Ontario elementary students to return to class full-time, hybrid learning for most high schoolers

WATCH ABOVE: Ontario provides details on back-to-school plan for students in September

The Ontario government says come September, elementary students will be in the classroom five days a week while most secondary students will be in at least 50 per cent of the time.

“School reopening is critical to learning and development for Ontario’s students, and a critical support for families to get back to work and allow for the re-opening of the economy,” the province said in a document released Thursday detailing the plan on how to reopen public schools this fall amid the coronavirus pandemic.

Elementary school children from Kindergarten to Grade 8 will be able to get an in-person education five days a week and will remain in one cohort for the full day, with one teacher if possible, which will include lunch and recess. There will be staggered timing in recesses, lunches and bathroom breaks.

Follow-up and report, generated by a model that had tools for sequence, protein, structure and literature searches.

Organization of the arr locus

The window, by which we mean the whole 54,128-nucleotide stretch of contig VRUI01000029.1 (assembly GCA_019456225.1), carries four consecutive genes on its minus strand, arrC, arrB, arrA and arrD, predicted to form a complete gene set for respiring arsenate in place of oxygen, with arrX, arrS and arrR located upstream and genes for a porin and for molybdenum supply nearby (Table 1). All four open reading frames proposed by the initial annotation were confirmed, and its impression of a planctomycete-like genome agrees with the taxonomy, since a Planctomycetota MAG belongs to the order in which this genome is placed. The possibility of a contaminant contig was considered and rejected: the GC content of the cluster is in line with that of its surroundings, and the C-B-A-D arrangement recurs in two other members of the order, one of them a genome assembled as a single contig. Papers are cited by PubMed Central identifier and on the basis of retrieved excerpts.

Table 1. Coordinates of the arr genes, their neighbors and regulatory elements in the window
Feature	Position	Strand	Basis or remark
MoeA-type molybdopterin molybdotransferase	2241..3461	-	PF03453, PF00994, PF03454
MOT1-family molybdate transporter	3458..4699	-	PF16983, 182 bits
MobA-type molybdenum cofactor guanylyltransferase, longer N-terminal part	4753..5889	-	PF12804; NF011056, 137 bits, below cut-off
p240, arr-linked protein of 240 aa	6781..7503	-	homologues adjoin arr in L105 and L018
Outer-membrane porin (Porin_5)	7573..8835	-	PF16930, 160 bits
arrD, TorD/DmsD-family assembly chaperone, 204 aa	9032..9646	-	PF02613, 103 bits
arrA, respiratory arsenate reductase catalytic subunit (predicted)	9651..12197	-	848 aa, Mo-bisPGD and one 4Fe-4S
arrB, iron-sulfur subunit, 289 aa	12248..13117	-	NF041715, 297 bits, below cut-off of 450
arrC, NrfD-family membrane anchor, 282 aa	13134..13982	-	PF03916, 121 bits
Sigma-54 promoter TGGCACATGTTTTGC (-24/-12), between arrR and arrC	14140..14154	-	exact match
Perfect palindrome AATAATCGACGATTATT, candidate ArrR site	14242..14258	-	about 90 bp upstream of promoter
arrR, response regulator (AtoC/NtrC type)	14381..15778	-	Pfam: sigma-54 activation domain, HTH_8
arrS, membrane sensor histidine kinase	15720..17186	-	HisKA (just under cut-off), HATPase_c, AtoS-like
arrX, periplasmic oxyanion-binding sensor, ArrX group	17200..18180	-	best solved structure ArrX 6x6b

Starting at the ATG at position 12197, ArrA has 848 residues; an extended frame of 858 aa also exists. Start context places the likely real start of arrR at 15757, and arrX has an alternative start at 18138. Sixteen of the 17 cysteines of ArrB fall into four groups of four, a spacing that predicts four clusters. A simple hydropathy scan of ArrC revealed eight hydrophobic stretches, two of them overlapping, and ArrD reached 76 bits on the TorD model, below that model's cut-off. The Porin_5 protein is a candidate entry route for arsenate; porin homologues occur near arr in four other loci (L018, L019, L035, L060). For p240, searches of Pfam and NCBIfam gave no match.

However, parents also have the option to have their children do remote learning which will be delivered by school boards.

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Health and safety protocols will be in place and school boards will provide a complete elementary curriculum.

For high school students, all school boards are required to adopt secondary timetabling methods and to implement cohorting to limit the number of student-to-student contact.

Read more: Toronto’s SickKids Hospital provides updated list of recommendations on how to reopen schools

Secondary schools across Ontario will be divided into “designated school boards” and “non-designated school boards.”

In designated school boards — which include 24 school boards such as Toronto, Peel, York, Durham, Halton, Waterloo, London, Ottawa, Niagara, Hamilton, Windsor-Essex among others — will have class cohorts of about 15 students, who attend school on alternate days or on alternate schedules.